Space sciences

The AVM scheme supports the cross-searching of collections of print-ready and screen-ready astronomical imagery rendered from telescopic observations (also known as ‘pretty pictures’). The scheme is compatible with the Adobe XMP specification, so the metadata can be embedded within common image formats such as JPEG, TIFF and PNG.

Such images can combine data acquired at different wavebands and from different observatories. While the primary intent is to cover data-derived astronomical images, there are broader uses as well. Specifically, the most general subset of this schema is also appropriate for describing artwork and illustrations of astronomical subject matter.

AVM is a proposed recommendation of the International Virtual Observatory Alliance and was last updated in 2011.

FITS is an image data file format for encoding astronomical data. The WCS (World Coordinate System) conventions map elements in data arrays to standard physical coordinates in the sky. FITS has provisions for image metadata encoded in an ASCII header at the beginning of files.

An extension of FITS that enables data to be defined to specify physical, or world coordinates within each pixel in an image. The conventions were orignally proposed in 2002 then incorporated into the 3.0 release of the FITS standard.

A simulation extention to the SPASE data model.

The technical specifications defined by the IVOA (International Virtual Observatory Alliance) enable interoperability between and the integration of astronomical archives across the world into an international virtual observatory. They include several data models that act as metadata schemas for particular data types: for example, photometry data, simulation data, space-time coordinates, spectral lines data, spectral data, observational data, and the physical parameter space of astronomical datasets.

These data models are under active development by the IVOA Data Modelling Working Group.

Additional recommendations have been made for metadata concepts and terms necessary for the discovery and the use of astronomical data collections and services.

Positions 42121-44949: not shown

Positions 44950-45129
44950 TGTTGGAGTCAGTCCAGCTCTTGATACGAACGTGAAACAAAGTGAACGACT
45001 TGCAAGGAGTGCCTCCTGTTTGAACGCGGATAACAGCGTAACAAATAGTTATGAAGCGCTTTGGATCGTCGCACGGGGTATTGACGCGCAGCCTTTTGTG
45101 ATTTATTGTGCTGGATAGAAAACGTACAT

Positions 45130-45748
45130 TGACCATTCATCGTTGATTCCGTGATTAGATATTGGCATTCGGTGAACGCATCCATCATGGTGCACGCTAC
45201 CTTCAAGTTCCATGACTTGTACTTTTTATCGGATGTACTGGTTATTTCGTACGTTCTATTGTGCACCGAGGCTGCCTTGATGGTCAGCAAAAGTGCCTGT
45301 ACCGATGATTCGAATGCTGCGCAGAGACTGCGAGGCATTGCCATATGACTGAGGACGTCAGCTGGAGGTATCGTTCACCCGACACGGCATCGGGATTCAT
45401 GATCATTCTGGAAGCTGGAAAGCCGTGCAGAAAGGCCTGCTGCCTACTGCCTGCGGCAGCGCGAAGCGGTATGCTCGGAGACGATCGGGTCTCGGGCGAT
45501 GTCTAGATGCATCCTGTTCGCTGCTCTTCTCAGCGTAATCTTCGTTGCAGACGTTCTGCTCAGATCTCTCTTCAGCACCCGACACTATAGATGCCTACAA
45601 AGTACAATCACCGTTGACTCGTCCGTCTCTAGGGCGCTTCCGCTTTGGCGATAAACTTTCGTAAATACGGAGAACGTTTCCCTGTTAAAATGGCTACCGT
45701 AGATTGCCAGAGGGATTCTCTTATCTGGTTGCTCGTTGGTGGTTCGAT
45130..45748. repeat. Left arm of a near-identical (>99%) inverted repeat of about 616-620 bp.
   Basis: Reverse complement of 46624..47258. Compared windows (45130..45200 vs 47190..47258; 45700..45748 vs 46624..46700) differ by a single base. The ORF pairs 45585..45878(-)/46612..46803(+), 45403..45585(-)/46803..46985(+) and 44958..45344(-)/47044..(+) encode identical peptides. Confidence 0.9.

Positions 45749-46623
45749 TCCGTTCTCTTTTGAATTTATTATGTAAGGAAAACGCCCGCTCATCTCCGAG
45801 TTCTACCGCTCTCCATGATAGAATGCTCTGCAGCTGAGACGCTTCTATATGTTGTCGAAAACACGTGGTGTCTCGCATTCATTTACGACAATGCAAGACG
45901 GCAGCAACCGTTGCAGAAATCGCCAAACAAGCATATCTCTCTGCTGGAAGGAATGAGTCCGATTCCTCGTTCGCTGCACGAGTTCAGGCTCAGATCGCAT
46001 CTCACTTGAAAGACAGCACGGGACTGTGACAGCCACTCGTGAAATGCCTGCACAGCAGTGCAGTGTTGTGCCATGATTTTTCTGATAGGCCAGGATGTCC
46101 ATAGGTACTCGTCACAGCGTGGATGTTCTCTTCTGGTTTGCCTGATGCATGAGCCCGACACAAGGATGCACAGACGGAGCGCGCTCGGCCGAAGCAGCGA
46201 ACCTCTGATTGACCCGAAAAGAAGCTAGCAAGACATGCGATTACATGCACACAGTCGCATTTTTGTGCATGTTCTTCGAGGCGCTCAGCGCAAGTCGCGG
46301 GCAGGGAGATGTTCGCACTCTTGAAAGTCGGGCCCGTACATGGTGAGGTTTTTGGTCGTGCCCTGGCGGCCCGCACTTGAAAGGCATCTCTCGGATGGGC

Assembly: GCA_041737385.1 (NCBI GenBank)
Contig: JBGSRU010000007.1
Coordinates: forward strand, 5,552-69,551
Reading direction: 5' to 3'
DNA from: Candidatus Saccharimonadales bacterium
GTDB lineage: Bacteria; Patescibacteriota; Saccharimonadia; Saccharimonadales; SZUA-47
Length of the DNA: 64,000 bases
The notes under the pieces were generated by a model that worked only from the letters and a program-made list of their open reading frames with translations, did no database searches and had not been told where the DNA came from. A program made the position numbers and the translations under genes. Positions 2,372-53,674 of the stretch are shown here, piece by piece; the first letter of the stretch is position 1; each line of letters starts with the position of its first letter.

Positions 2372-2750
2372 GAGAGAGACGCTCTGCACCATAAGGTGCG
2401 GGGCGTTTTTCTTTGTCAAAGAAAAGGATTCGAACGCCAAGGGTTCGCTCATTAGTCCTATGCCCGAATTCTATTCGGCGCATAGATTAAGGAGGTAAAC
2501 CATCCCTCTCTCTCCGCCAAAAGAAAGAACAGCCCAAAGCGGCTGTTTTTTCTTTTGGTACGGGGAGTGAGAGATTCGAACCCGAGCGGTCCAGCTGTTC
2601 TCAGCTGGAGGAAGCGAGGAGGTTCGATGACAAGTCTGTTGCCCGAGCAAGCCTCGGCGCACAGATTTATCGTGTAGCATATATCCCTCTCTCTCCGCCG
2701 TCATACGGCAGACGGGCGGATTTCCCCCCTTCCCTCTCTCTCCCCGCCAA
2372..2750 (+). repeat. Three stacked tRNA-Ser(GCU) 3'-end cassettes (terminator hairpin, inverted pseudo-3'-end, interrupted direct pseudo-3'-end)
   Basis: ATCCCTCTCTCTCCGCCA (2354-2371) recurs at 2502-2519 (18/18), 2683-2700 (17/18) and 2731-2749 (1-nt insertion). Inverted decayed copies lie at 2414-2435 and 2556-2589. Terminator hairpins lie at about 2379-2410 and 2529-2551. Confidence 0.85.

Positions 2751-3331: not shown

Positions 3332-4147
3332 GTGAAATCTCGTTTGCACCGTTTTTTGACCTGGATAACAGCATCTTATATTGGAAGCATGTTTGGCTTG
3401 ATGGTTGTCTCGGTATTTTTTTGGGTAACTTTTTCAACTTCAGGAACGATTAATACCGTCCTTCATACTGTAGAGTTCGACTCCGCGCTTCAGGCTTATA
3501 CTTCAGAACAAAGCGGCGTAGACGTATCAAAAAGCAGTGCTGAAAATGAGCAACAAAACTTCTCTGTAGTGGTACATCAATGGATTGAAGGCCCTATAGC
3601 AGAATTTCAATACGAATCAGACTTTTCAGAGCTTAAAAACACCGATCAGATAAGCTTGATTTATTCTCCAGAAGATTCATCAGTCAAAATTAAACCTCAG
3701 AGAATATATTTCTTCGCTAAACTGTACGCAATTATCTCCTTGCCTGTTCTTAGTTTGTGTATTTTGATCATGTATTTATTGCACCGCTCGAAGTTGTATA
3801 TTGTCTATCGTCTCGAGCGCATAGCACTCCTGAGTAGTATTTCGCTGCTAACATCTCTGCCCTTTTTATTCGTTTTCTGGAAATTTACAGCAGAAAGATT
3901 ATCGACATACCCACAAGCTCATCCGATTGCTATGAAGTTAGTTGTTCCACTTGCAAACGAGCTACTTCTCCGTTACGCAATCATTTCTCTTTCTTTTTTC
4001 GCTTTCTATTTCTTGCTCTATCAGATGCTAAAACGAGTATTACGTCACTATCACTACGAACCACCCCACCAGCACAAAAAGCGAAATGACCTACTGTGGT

OpenPMD provides naming and attribute conventions that allow the exchange of particle and mesh based data from scientific simulations and experiments. The primary goal is to define a minimal set/kernel of meta information that enables the sharing and exchange of data to achieve

  • portability between various applications and differing algorithms;
  • a unified open-access description for scientific data (publishing and archiving);
  • a unified description for post-processing, visualization and analysis.

OpenPMD suits any kind of hierarchical, self-describing data format, such as, but not limited to ADIOS1 (BP3), ADIOS2 (BP4), HDF5, JSON, and XML.

Defines metadata terms and concepts necessary for discovery and use of astronomical data collections and services.

The extension is based on Dublin Core, but with astronomy-specific extensions. Resource Metadata are collected in resource "registries" that are populated and synchronized using the OAI-PMH (Protocol for Metadata Handling). Version 1.12, March 2007. Developed and maintained by IVOA Resource Registry Working Group and NVO Metadata Working Group

The Standard for Documentation of Astronomical Catalogues is a set of conventions for archiving astronomical data. As well as path, filename and data format conventions, it also specifies how to construct a plain text description file for documenting the data files. It was developed as an alternative to FITS that would be more suited to archives, permit human inspection, and allow manipulation via standard Unix command-line tools.

SDAC was developed by CDS (Centre de Données astronomiques de Strasbourg). Version 2.0 is the most recent; it was released in February 2000.

An information model for describing the elements of the heliophysics data environment, and a set of resource types which can be used to describe data along with its scientific context, source, provenance, content and location. It is designed to support a federated data system where data may reside at different locations and may be seperated from the metadata which describes it. The preferred expression form is XML.

The Space Physics Archive Search and Extract (SPASE) effort is implemented by the SPASE Consortium which is composed of representatives of the international Heliophysics data community. The Current Release of the data model (2.2.9) was updated in January 2018.